Back home, it is good time for us Bhutanese to reflect on beauty of living with Buddhist principles. It is time for us to treat others in a way we want them to treat us and extend our compassion on those suffering. Non-violence is not only about trying to stop fighting or killing. It is about being compassionate and kind to others, treating others as our own kith and kin. Of course all these are fancy concepts.
But let’s admit being poor farmers in a remote village is never a crime. But it is if we insult them for being poor. I was told some of our people have commented that such and such villages have no need for road or electricity because not many people reside there. He was of course hinting that those villagers actually did not vote for the winning party during the elections. Because if it happens, then one day we will be forced to experience violence and aggression –because no one is enlightened Buddha.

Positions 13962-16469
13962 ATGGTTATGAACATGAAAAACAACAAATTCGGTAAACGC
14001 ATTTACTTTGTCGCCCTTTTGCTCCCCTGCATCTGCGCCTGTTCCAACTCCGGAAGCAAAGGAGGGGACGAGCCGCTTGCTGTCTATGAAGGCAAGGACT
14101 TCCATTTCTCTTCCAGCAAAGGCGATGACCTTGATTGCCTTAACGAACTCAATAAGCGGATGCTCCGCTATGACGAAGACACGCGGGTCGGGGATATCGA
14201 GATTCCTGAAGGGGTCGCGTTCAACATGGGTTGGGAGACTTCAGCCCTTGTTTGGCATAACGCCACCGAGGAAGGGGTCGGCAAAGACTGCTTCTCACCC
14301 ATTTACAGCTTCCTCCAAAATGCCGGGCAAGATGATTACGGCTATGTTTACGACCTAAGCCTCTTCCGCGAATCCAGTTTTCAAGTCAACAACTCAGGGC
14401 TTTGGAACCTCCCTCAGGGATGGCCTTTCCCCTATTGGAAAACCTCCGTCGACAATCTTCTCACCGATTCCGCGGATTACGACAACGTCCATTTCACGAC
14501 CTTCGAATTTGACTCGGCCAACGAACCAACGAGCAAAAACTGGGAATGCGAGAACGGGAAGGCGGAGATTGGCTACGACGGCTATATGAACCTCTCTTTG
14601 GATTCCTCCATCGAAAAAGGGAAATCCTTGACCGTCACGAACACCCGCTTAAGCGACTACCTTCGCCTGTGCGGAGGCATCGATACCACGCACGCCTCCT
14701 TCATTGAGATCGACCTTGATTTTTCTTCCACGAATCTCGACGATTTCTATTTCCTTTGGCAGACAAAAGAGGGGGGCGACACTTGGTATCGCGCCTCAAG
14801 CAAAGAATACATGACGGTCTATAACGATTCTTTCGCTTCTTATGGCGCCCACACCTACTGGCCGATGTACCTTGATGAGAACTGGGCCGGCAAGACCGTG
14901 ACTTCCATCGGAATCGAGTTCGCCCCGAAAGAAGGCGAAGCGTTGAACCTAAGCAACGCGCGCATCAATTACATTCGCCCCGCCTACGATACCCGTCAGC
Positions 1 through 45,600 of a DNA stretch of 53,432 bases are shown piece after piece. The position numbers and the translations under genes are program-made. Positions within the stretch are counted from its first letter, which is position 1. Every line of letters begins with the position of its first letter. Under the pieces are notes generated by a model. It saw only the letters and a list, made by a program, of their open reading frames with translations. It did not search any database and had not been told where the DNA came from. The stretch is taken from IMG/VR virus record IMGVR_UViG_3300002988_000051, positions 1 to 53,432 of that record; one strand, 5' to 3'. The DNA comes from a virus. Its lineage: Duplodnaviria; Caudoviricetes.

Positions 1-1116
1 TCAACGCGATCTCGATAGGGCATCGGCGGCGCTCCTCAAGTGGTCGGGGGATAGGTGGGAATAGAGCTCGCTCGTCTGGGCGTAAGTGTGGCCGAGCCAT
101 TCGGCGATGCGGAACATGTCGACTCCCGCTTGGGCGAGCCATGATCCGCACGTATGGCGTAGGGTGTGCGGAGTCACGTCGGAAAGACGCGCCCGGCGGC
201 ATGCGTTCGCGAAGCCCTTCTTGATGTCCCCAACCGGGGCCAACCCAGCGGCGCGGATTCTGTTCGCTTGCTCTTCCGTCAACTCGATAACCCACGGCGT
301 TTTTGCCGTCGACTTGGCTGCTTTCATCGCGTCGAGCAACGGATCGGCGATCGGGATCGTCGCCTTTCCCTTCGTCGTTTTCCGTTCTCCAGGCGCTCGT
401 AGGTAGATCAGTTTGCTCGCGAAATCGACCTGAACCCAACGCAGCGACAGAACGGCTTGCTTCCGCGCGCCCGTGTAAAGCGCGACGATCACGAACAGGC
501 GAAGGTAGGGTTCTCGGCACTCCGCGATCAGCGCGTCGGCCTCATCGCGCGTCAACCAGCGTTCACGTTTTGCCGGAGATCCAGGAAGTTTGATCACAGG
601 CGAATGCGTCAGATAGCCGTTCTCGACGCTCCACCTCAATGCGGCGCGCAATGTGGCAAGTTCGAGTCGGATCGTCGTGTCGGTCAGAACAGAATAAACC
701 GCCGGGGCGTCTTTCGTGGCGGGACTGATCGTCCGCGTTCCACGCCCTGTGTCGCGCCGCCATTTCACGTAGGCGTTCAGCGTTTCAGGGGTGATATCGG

Not that we are a violent country. But violence of any form should never take roots in our country. This includes violence against women. How can we be compassionate to others when we can afford to mistreat our own wives, daughters, sisters, grandmothers, nieces? How can we be nice to others’ children unless we treat our own with dignity? And as much as we have the right to occupy this world (though it is momentarily), even an insect under our feet has the right to live. I am sure, it is nearly impossible for the whole world to turn vegetarian, but if we try the goal is never far from our reach. And can we have a better time than this day to take vegetarianism forward?
So, today it is a right time to say “No” to violence and mean it.